Warwick-Edinburgh Mental Wellbeing Scales (WEMWBS): Call for Evidence
Have you used the Warwick-Edinburgh Mental Wellbeing Scales (WEMWBS) to assess the impact of an intervention on mental wellbeing? Then we want to hear from you.
Together with Kohlrabi Consulting, we are reviewing evaluation literature that uses the WEMWBS scales to evaluate wellbeing interventions aimed at children, young people and adults. The project is funded by the National Lottery Community Fund.
We are interested in studies from across voluntary, public and private sectors, to summarise evidence on what works to improve mental wellbeing, for whom and in what contexts.
Criteria for submission
We are looking for evaluations of interventions where improvement in mental wellbeing is an objective.
Studies submitted must meet ALL of the following criteria:
- Evaluate a project or intervention conducted in the UK with children, young people and adults. This can be in any setting, including: community interventions, health interventions, social care/services interventions, education/skills-based interventions and workplace interventions.
- Assess the effects of a project or intervention on mental wellbeing using the 14-point Warwick-Edinburgh Mental Wellbeing scale or the 7-point Short-Warwick-Edinburgh Mental Wellbeing scale.
- Measure changes in WEMWBS scores against a comparator. This could be by conducting a before-and-after intervention assessment by measuring mental wellbeing at baseline (e.g. pre-intervention) and at endline (post-intervention).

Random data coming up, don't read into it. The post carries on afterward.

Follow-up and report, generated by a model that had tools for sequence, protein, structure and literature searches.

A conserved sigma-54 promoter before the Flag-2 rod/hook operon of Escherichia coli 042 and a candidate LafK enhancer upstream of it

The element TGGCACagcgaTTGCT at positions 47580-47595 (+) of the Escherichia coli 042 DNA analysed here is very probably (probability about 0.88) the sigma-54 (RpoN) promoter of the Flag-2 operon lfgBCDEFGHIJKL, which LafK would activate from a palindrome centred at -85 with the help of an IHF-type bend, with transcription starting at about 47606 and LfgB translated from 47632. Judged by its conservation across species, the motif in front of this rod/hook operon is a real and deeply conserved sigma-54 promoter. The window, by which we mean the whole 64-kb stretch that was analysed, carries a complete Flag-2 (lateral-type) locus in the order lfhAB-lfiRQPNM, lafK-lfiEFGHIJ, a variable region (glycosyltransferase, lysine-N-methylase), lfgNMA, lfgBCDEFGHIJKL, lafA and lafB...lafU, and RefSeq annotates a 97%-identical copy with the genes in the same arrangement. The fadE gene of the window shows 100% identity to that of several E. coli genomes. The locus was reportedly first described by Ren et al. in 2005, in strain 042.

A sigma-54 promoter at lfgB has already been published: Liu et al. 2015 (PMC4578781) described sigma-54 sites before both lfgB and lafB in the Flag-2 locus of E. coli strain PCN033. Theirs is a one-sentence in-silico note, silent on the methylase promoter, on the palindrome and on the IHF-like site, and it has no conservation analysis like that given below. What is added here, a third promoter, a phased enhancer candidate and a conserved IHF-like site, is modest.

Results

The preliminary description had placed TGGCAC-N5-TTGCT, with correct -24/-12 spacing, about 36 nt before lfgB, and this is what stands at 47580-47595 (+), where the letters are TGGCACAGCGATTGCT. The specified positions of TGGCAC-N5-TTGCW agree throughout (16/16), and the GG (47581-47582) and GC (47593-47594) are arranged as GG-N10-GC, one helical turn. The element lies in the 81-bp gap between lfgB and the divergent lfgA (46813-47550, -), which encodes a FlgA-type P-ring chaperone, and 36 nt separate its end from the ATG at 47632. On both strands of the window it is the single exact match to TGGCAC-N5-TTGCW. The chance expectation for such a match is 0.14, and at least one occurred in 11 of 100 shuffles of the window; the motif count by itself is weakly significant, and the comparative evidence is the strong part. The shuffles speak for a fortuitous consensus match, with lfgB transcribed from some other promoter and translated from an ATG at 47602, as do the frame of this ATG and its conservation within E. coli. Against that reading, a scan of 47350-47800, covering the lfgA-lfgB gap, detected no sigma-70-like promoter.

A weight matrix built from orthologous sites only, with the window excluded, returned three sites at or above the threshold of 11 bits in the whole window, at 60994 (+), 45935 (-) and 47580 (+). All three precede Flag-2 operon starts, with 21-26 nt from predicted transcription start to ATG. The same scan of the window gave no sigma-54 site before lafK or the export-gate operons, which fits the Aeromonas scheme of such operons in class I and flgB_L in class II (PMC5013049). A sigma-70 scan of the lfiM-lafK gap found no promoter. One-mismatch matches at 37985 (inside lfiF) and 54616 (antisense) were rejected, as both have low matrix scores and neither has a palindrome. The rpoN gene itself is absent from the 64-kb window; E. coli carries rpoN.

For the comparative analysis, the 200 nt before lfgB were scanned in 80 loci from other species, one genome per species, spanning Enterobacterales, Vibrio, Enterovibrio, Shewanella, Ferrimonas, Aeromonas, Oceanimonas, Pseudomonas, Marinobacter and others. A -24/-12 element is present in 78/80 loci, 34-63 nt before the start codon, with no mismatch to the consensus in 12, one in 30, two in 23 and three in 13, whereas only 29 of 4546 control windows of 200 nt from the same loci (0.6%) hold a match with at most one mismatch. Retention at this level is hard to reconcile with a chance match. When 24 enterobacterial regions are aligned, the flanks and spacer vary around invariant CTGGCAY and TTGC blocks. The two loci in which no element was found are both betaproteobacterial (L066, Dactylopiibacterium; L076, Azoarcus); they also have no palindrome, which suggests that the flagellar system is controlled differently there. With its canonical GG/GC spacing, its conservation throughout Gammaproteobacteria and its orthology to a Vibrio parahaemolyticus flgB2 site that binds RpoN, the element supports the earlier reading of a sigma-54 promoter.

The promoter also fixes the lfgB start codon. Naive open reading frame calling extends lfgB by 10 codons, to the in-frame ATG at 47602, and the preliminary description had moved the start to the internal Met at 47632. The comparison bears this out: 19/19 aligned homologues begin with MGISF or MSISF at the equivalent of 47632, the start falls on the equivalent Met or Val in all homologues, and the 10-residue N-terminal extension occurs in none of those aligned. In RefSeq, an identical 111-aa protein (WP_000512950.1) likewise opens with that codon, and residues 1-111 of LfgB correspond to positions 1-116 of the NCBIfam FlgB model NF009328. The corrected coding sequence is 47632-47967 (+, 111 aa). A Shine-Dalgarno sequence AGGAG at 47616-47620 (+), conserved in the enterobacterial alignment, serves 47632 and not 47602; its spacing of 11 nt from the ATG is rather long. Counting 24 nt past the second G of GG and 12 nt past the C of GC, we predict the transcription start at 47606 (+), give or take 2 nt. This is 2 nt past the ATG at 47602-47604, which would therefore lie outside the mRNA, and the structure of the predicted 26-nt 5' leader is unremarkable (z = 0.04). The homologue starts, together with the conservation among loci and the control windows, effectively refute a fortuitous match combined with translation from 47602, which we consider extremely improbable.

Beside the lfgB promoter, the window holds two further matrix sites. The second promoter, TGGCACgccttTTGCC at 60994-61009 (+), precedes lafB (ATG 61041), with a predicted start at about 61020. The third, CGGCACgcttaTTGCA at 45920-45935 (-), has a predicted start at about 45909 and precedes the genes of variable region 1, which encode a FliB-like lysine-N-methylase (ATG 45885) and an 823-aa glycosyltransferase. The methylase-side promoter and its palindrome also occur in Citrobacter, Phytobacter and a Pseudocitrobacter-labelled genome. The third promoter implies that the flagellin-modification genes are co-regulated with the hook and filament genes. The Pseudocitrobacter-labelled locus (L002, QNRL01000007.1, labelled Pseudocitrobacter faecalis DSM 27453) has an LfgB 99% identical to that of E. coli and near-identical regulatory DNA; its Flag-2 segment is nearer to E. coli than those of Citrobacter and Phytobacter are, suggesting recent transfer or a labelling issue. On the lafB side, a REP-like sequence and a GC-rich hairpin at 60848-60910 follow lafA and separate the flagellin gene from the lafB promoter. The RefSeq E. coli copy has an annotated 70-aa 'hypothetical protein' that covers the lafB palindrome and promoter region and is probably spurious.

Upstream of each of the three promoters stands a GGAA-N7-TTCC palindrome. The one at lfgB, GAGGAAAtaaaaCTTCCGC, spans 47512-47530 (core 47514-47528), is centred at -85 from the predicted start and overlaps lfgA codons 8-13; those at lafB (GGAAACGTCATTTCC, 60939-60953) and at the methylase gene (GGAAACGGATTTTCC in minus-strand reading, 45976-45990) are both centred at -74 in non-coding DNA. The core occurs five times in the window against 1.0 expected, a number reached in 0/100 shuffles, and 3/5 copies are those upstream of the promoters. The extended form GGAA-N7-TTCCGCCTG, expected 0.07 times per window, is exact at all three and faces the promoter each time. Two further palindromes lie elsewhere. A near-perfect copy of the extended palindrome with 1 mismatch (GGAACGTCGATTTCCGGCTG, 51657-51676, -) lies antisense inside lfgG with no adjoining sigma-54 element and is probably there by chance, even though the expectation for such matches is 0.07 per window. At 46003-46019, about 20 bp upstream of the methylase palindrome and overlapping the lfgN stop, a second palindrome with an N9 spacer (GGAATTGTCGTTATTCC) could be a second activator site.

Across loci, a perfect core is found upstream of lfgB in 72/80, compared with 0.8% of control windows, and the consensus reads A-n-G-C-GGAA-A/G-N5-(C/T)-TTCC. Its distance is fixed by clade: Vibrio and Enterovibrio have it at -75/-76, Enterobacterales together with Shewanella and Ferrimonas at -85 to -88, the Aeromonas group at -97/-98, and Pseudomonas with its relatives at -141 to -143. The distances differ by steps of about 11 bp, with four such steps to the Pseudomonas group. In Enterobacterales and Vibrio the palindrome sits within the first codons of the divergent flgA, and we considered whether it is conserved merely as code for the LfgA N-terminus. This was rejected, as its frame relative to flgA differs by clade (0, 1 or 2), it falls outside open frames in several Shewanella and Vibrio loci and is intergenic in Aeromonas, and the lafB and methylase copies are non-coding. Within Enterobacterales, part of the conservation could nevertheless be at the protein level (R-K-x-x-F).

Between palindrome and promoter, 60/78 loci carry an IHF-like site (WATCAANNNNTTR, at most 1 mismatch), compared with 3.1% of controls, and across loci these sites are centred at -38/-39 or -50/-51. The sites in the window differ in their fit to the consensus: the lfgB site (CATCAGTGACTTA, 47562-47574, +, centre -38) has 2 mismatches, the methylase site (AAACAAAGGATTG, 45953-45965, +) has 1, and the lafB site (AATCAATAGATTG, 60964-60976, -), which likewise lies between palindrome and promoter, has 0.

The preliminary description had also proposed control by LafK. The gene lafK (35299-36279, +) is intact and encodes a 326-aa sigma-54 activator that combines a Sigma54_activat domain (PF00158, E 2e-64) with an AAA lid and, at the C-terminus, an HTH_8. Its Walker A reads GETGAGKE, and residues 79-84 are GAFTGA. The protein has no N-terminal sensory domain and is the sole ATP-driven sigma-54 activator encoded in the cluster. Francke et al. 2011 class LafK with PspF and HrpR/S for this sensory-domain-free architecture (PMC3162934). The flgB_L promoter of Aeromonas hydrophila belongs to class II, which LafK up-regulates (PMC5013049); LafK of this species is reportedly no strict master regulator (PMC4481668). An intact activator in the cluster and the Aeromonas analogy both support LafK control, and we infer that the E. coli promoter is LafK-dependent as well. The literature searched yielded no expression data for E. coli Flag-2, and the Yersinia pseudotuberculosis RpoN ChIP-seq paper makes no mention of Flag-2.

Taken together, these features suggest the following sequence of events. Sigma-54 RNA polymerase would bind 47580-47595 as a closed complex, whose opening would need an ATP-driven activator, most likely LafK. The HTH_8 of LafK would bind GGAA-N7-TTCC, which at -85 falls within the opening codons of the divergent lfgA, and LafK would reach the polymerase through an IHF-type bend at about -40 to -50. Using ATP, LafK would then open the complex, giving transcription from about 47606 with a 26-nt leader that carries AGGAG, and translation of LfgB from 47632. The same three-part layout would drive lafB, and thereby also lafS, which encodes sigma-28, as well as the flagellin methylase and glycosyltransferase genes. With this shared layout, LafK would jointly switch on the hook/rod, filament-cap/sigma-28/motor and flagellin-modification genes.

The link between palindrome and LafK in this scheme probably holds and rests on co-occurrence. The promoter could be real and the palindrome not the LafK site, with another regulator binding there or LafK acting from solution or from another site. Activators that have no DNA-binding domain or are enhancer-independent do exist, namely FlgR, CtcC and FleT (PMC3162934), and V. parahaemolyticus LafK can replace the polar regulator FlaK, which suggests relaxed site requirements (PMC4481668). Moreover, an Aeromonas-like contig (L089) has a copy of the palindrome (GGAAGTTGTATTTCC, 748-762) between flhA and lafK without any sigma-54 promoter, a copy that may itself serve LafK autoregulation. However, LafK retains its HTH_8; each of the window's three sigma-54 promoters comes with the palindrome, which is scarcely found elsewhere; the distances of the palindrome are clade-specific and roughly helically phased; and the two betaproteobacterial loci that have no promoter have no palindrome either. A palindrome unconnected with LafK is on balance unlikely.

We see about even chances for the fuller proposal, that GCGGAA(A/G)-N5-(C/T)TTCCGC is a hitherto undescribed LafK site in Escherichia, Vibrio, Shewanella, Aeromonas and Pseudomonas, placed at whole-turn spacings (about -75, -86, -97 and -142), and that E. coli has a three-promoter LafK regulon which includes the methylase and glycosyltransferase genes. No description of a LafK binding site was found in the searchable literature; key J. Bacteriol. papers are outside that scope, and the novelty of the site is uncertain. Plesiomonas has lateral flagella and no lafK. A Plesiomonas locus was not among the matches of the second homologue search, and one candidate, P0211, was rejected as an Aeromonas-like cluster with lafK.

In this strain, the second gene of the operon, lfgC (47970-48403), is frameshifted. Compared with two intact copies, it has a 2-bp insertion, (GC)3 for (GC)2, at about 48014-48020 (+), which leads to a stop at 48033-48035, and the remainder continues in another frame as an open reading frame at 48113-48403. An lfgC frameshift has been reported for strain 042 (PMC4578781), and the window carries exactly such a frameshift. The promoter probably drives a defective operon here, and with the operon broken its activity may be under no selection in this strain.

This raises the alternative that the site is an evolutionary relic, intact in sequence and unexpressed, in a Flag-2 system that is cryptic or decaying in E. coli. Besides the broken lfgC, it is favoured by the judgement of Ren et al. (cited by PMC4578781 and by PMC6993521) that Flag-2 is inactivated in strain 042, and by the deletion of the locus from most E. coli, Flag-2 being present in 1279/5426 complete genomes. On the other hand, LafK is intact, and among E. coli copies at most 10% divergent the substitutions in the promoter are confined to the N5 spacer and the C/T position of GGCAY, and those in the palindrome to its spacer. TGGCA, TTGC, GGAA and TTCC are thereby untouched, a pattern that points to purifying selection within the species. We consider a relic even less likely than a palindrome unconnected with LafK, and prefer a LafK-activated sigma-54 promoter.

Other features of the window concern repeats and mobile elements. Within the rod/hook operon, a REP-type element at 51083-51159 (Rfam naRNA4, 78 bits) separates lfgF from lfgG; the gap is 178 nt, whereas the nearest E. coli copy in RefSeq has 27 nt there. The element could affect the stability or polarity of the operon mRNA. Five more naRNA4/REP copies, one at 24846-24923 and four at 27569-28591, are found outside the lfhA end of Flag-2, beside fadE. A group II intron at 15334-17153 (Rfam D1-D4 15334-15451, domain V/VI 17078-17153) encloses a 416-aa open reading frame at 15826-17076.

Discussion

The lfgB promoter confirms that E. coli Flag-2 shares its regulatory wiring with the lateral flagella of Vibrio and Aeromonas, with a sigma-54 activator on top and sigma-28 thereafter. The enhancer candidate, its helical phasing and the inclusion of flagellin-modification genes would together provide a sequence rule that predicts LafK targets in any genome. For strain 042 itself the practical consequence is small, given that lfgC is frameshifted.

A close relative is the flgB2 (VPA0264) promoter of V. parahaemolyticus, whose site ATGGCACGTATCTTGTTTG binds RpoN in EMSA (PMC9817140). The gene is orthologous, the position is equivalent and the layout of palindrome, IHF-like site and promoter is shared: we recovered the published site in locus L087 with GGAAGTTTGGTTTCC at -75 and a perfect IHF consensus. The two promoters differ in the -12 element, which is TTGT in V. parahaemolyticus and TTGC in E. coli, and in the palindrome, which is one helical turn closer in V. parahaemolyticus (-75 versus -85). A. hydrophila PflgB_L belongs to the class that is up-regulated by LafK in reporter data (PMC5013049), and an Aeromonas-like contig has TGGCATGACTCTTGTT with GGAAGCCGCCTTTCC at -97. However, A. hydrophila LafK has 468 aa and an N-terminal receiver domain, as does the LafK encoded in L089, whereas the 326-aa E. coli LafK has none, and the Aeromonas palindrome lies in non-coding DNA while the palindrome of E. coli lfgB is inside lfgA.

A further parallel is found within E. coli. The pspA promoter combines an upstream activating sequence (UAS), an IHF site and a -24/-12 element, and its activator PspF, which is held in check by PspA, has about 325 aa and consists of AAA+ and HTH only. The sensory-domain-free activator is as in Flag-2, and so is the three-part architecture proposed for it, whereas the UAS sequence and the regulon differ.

- Published from 2007-onwards and include author details and date.
- Written in the English language and publicly available.
Please send your research/evaluations by Monday 29th November to firstname.lastname@example.org with the subject header: “Submission for WEMWBS Rapid Review”, or use the form below to submit your research.
Submit evaluationPlease use this form to upload your evaluation(s).
We will email the findings to everyone who submits material when we publish them.
Why a call for evidence?
Searching for evidence on wellbeing and related topics can present technical and resource challenges, particularly if studies are not adequately indexed by study design or wellbeing measures used. Our experience has shown that some of the wellbeing research produced by our Centre’s audiences is best located through a snowballing approach, by targeting relevant experts and stakeholders.
As part of our evidence reviews, we often use calls for evidence to complement structured database and online literature searches, and, in particular, to increase the sensitivity of grey literature searches. Where necessary, we seek advice from our project consultation groups to ensure quality and fully document the approach in our reports to maximise transparency.
Find out more about the project
Go to the WEMWBS Evaluation Deep Dive project page